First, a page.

Fresh food packaging
Sustainable and cheap sensors to detect the freshness of meat and fish have been developed by Imperial academics in a bid to cut down on food waste. Idha Valeur reports.
A new type of sensor for packaging could combat food waste by detecting spoilage, Imperial College London, UK, academics said.
According to the press statement, 60% of the food UK consumers throw out each year – worth £12.5bln – is due to overly cautious use-by dates and is actually perfectly safe to be eaten. These new sensors are hoped to curb excessive food waste by being implemented directly onto packaging at retailers.
The sensors are cheap – costing only two US cents to make – and work by identifying gases such as ammonia in fish and meat to monitor at one point the product is spoiled.
Known as paper-based electrical gas sensors (PEGS), information from the devices can be accessed by smartphones using near field communication (NFC) tags – microchips – to understand whether the food is safe to consume or not.
Keeping with the sustainability theme, all the materials used by the team from the university’s Department of Bioengineering are biodegradable and non-toxic. The sensors were made by printing carbon electrodes onto cellulose paper, which is safe for food contact.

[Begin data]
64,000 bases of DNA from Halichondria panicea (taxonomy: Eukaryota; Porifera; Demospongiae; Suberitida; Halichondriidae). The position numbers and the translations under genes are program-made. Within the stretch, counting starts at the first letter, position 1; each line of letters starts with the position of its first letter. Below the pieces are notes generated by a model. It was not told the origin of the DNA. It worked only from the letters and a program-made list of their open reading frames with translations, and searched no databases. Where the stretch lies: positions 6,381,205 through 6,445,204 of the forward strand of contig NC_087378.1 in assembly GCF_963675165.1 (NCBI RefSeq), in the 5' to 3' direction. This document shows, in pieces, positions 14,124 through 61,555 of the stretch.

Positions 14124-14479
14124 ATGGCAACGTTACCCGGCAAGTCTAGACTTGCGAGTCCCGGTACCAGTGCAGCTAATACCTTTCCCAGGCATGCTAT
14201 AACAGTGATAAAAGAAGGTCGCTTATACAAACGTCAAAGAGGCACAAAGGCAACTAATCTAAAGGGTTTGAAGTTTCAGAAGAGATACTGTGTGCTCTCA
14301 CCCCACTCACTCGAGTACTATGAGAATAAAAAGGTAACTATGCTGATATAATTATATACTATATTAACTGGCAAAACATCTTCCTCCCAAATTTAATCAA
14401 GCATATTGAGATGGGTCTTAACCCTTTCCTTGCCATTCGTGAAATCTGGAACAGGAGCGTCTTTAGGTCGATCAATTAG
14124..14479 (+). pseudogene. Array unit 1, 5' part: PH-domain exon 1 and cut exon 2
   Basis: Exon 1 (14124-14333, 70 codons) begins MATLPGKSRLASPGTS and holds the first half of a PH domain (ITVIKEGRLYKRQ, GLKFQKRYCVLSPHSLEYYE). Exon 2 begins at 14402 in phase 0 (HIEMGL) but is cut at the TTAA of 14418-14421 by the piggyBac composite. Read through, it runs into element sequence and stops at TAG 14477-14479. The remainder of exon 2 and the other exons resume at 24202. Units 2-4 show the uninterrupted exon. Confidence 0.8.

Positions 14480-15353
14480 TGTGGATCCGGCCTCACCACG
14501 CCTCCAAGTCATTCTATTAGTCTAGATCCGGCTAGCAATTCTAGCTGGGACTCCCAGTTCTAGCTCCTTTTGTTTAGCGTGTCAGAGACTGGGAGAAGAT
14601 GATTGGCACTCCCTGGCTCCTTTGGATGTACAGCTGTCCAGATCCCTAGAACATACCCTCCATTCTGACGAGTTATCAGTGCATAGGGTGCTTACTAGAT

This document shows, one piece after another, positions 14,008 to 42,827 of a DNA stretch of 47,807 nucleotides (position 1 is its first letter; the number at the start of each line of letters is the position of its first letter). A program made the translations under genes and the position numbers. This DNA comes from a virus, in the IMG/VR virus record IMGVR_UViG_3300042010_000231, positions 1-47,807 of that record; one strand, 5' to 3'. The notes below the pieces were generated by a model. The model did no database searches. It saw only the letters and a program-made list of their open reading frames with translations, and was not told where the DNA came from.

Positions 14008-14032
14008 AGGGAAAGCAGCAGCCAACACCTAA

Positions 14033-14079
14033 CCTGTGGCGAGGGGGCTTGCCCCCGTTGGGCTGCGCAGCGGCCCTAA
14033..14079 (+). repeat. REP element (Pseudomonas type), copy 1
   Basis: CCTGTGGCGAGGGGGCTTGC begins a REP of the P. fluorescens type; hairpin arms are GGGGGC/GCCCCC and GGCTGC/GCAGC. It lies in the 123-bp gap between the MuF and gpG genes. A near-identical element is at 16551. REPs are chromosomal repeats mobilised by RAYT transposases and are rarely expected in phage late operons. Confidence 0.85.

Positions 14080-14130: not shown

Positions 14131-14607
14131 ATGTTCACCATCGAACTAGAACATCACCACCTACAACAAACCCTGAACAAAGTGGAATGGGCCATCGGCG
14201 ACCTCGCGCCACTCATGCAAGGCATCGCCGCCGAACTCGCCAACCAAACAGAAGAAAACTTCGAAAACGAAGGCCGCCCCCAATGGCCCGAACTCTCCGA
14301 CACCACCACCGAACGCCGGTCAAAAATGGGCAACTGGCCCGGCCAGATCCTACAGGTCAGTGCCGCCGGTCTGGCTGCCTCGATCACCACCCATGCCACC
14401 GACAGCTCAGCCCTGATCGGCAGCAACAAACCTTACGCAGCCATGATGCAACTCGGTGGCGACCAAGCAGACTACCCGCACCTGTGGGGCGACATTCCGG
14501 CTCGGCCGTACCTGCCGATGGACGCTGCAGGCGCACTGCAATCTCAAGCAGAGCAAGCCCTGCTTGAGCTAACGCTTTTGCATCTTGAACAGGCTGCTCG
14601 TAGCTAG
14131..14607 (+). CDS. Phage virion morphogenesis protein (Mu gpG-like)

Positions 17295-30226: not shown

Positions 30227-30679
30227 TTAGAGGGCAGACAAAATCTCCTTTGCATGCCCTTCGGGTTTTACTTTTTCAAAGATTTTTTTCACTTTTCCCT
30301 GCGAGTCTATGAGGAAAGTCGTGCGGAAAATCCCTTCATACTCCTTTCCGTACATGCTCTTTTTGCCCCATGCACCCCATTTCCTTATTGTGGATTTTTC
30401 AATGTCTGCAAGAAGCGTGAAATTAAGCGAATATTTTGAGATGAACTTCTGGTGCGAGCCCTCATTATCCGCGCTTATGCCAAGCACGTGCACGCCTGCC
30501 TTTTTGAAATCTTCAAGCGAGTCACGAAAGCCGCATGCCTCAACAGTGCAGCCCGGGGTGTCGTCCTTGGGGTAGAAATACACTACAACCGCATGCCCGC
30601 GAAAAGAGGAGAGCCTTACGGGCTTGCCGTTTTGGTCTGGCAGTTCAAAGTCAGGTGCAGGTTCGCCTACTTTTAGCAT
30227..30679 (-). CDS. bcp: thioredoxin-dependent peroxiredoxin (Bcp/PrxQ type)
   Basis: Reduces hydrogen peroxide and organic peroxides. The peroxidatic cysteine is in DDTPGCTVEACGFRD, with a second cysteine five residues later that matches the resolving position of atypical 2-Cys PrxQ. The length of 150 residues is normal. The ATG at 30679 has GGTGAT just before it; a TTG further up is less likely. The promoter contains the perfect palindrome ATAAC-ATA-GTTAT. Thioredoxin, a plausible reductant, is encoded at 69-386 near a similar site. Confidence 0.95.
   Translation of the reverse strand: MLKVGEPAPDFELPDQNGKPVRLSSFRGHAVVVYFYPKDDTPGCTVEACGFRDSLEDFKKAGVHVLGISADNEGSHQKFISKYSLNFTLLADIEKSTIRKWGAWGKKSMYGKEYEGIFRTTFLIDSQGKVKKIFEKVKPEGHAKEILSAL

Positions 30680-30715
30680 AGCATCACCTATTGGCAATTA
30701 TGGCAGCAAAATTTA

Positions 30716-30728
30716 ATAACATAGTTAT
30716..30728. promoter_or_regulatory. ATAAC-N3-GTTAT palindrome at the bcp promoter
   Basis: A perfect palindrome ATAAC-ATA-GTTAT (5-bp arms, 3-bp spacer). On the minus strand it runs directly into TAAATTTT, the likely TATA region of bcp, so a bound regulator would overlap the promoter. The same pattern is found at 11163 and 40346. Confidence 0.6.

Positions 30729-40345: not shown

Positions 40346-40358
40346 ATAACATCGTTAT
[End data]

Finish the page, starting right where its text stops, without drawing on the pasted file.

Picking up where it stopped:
‘Although they’re designed to keep us safe, use-by dates can lead to edible food being thrown away. In fact, use-by dates are not completely reliable in terms of safety as people often get sick from foodborne diseases due to poor storage, even when an item is within its use-by,’ Department of Bioengineering Dr Firat Güder said.
‘Citizens want to be confident that their food is safe to eat, and to avoid throwing food away unnecessarily because they aren’t able to judge its safety. These sensors are cheap enough that we hope supermarkets could use them within three years.
‘Our vision is to use PEGS in food packaging to reduce unnecessary food waste and the resulting plastic pollution,’ he said.
According to the researchers, during the testing of the sensors on packaged fish and chicken, the PEGS was able to pick up on gases faster and more precisely than other sensors.